One of the most hotly contested debates in the present day NFL concerns the league’s passing rules and whether or not they have made it easier to both play as and amass career-bolstering stats as a quarterback than in past eras; of course, said debate has spurred subsequent arguments of how much better elite quarterbacks from the past would have fared with today’s rules in effect.
The quarterback rules debate came up during an interview with NFL Hall of Fame quarterback Dan Marino on Thursday. Marino, who led the NFL in passing yards for five seasons during his 17-year stint with the Miami Dolphins, became the first quarterback to pass for more than 5,000 yards in a single season (5,084) and the first to complete more than 40 touchdown passes (48) in 1984, believes that he would’ve broken quarterback records if he had played with today’s rules during his tenure.
“Yes, [I’d] throw for 6,000 yards,” Marino said on the This is Football” podcast. “Defenses in the middle of my career and then towards the end, they got a little more complex and guys do a lot more things now as far as blitzing and changing personnel and all that than I did earlier in my career; later in my career, I had to deal with it. It would be a lot of fun, so that’s why we’re trying to unretire here, so I can come back and throw for 6,000 yards.”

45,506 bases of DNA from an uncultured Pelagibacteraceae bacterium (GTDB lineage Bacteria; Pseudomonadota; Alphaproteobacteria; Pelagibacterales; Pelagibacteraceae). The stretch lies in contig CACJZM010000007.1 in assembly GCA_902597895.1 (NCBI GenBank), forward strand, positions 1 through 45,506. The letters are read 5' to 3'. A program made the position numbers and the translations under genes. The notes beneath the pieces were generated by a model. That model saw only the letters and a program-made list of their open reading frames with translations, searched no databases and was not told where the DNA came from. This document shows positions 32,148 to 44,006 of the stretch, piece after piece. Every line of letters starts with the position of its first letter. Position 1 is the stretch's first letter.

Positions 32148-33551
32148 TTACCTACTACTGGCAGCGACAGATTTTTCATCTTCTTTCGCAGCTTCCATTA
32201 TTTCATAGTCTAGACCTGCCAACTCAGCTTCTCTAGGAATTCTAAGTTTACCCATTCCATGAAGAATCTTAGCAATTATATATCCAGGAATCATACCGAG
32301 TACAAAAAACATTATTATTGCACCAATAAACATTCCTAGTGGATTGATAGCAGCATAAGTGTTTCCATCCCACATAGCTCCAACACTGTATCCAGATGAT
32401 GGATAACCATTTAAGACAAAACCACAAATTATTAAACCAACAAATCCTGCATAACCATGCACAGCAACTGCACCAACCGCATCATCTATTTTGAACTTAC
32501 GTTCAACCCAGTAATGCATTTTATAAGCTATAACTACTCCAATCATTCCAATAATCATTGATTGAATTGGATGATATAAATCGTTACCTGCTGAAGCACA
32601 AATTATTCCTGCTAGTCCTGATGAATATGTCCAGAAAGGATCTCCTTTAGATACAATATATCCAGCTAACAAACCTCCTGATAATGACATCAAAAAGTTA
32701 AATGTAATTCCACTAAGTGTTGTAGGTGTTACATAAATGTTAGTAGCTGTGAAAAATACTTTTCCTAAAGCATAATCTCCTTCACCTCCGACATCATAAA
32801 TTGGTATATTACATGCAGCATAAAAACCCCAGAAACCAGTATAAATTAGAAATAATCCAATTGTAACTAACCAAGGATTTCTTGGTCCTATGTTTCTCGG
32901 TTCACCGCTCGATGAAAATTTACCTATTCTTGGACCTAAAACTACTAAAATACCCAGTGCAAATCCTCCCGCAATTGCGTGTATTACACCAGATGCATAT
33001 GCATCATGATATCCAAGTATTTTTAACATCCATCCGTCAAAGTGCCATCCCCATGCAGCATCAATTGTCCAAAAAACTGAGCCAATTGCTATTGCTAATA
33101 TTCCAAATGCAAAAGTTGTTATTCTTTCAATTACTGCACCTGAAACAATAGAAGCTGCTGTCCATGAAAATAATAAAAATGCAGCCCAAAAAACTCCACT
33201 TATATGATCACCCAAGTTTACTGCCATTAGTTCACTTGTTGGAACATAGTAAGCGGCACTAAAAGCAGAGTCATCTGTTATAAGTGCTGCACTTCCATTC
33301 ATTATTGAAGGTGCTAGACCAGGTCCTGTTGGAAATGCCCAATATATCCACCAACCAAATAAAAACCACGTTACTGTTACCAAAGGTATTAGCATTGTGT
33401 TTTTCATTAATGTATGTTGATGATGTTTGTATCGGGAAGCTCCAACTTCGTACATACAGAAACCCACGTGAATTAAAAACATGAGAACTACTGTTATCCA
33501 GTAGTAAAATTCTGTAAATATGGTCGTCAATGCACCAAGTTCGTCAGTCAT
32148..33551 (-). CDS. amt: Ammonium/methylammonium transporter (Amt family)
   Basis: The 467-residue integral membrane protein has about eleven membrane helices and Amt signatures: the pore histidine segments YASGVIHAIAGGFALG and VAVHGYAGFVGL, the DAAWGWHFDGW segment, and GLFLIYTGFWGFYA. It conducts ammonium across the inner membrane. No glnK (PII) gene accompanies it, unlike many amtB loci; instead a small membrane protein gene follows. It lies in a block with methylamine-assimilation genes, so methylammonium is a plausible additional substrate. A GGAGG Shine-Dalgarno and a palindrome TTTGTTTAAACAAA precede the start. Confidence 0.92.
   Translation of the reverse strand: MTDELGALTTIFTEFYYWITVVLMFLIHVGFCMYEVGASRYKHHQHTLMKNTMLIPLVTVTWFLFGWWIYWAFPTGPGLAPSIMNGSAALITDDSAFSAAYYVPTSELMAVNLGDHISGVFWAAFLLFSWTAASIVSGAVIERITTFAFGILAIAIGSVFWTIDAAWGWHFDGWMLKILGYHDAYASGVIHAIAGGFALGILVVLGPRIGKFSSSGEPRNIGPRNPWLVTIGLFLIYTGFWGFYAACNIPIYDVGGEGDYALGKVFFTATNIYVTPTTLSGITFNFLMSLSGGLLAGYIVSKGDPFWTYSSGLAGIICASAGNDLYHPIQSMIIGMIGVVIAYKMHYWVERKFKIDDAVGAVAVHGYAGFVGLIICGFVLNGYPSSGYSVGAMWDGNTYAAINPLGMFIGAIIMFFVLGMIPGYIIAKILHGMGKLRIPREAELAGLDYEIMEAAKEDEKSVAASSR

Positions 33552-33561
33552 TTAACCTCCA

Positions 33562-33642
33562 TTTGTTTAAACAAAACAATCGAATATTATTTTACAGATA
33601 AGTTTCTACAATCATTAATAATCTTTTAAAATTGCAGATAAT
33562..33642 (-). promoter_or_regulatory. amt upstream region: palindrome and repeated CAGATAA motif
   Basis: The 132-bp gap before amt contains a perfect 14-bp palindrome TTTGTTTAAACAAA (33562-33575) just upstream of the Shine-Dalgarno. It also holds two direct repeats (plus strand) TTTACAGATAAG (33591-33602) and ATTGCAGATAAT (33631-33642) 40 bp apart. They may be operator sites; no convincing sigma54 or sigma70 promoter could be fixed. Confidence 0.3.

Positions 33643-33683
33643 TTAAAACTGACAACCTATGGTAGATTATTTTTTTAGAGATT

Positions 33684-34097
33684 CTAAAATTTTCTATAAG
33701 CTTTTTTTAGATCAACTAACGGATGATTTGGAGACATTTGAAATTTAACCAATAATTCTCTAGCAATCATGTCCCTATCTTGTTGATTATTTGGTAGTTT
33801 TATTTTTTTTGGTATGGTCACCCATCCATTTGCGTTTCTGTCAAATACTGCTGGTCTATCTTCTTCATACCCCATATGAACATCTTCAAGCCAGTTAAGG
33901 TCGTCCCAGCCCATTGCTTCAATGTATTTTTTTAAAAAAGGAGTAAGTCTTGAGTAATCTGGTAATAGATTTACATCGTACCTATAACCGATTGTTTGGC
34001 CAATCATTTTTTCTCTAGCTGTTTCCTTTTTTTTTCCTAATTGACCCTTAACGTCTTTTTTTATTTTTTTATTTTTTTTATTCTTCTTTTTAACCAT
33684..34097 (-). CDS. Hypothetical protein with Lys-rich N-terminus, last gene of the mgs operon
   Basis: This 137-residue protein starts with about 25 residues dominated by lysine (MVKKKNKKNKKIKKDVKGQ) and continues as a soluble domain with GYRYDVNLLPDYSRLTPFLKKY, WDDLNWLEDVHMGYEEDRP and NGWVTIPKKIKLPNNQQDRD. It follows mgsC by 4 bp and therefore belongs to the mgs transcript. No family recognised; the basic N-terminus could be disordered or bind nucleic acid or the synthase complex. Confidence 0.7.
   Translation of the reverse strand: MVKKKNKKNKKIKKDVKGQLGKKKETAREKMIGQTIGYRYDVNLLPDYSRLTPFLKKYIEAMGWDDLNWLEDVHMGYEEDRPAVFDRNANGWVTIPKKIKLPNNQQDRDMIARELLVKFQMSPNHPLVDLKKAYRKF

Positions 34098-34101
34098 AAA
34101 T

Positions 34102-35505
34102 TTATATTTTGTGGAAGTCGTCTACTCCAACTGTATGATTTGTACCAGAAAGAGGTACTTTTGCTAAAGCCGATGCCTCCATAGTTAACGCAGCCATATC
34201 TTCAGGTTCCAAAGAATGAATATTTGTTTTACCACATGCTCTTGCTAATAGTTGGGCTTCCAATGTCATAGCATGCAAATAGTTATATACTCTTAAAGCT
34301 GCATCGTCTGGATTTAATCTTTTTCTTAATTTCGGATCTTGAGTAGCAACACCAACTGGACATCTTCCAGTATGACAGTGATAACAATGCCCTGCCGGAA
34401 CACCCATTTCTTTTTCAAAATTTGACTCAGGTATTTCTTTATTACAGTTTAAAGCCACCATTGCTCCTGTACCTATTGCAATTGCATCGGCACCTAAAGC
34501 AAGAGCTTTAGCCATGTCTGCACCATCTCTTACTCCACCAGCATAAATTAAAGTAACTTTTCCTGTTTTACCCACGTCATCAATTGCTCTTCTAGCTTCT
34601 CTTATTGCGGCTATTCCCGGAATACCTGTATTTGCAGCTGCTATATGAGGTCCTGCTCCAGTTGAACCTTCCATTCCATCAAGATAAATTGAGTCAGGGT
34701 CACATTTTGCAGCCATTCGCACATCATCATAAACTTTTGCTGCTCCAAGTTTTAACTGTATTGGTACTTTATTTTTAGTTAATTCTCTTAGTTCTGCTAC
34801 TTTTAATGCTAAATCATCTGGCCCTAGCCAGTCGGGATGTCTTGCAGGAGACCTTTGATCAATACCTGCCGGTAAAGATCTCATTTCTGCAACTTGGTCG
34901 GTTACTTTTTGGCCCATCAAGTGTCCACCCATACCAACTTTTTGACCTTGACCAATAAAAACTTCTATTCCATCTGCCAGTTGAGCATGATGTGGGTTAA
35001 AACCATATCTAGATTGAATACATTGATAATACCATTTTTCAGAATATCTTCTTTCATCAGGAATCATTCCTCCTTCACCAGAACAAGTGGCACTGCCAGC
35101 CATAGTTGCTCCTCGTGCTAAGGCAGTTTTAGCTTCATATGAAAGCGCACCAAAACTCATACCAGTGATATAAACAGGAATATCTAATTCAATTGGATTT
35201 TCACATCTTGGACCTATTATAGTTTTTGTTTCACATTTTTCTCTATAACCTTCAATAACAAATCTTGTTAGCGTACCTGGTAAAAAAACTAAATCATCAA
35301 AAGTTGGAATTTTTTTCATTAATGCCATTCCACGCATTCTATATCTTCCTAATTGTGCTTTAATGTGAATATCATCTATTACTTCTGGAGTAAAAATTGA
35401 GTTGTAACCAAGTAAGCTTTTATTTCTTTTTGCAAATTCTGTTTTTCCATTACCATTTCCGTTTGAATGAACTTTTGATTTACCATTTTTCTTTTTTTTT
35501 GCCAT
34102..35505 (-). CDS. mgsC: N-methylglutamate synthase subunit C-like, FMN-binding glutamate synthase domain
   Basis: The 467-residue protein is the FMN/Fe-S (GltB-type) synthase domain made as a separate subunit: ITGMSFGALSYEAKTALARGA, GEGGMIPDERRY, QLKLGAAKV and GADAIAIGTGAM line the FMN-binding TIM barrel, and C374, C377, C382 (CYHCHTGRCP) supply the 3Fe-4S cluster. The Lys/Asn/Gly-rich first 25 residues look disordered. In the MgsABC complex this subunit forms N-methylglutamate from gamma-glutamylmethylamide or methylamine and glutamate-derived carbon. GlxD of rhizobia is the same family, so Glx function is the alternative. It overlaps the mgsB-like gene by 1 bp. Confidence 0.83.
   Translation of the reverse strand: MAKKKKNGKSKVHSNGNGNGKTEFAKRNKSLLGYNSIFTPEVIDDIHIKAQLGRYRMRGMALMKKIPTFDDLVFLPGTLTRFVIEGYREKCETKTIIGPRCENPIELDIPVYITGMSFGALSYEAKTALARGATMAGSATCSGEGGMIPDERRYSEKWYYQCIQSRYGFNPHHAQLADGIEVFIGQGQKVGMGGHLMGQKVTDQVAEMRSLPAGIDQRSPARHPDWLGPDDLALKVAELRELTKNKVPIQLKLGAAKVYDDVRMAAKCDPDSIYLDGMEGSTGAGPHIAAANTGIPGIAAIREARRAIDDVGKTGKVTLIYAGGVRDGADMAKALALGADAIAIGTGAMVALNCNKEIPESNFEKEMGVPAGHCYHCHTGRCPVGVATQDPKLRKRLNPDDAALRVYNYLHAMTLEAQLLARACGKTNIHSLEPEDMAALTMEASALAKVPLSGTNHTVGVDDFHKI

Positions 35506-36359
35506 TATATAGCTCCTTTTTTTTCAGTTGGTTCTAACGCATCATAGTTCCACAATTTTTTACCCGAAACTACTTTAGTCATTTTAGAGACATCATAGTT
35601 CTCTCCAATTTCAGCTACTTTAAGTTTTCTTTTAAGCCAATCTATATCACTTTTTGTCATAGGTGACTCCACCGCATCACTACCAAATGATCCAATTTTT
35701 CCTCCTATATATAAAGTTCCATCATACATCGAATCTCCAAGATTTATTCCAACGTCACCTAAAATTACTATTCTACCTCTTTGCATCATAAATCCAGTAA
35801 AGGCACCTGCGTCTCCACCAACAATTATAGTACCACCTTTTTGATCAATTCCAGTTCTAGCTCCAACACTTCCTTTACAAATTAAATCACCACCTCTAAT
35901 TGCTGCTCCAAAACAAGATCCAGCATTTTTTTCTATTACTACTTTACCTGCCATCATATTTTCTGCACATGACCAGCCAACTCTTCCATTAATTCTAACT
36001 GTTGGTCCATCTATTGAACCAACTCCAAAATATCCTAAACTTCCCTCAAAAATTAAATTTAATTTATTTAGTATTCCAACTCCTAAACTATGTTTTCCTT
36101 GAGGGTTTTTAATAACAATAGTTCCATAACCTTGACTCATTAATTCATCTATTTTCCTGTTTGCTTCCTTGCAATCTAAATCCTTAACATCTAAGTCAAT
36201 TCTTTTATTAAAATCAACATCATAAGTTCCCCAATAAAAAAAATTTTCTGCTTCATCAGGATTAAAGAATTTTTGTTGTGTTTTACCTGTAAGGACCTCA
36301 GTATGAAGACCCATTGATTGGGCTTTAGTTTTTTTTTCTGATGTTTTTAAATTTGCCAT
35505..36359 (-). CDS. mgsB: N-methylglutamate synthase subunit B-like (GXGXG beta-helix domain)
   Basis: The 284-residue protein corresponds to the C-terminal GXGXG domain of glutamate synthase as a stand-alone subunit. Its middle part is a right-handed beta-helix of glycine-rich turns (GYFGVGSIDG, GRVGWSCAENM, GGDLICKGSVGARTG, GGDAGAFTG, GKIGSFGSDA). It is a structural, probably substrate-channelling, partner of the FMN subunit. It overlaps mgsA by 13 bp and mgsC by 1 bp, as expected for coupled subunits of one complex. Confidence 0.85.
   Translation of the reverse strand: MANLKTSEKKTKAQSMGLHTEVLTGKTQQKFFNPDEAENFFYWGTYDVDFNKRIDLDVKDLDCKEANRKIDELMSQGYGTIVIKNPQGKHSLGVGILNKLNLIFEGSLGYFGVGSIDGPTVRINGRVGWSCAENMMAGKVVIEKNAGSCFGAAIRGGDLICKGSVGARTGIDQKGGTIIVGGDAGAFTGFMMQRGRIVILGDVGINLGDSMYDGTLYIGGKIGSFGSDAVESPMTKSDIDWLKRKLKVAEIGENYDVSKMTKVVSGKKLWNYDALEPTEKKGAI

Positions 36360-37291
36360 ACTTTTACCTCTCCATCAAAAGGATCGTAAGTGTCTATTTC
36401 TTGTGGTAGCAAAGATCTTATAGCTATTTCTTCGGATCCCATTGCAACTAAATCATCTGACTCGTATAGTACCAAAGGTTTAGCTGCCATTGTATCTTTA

Marino added, “You can’t hit the quarterback the way you used to. You can’t get a shot in the head, you can’t go under your knees, and that’s a good thing I think because when I played you were allowed to do that, and players could take shots at you,” Marino said. “That and then the fact that as far as down the field, the PIs, they’ll get more calls now. They used to be able to touch you down the field even after five yards even though that was the rule, they (were) more physical, and there’s a lot of guys that could tell you that same thing that it changed in that way.”
Marino also shared his thoughts on Aaron Rodger’s injury, an Achilles tendon tear that will see him sidelined for the rest of the 2023 season.
“You can come back and you can be very good,” Marino said. “Aaron, if he wants to, will work very hard to come back and play again. He’s been a special player, it’s a shame because there was a lot of buildup for him this year… [I just want] to let him know that it’s possible to come back and continue a great career.”
“The rehab is the biggest part,” Marino added. “It’s very tedious… a slow process.”
As of this writing, Marino is eighth on the all-time passing yards list (61,361), seventh in passing TDS (420) and ninth in total completed passes (967).
What do you think of the fact that Dan Marino believes he’d throw for 6,000 yards in a season under today’s NFL quarterback rules? Let us know in the comments.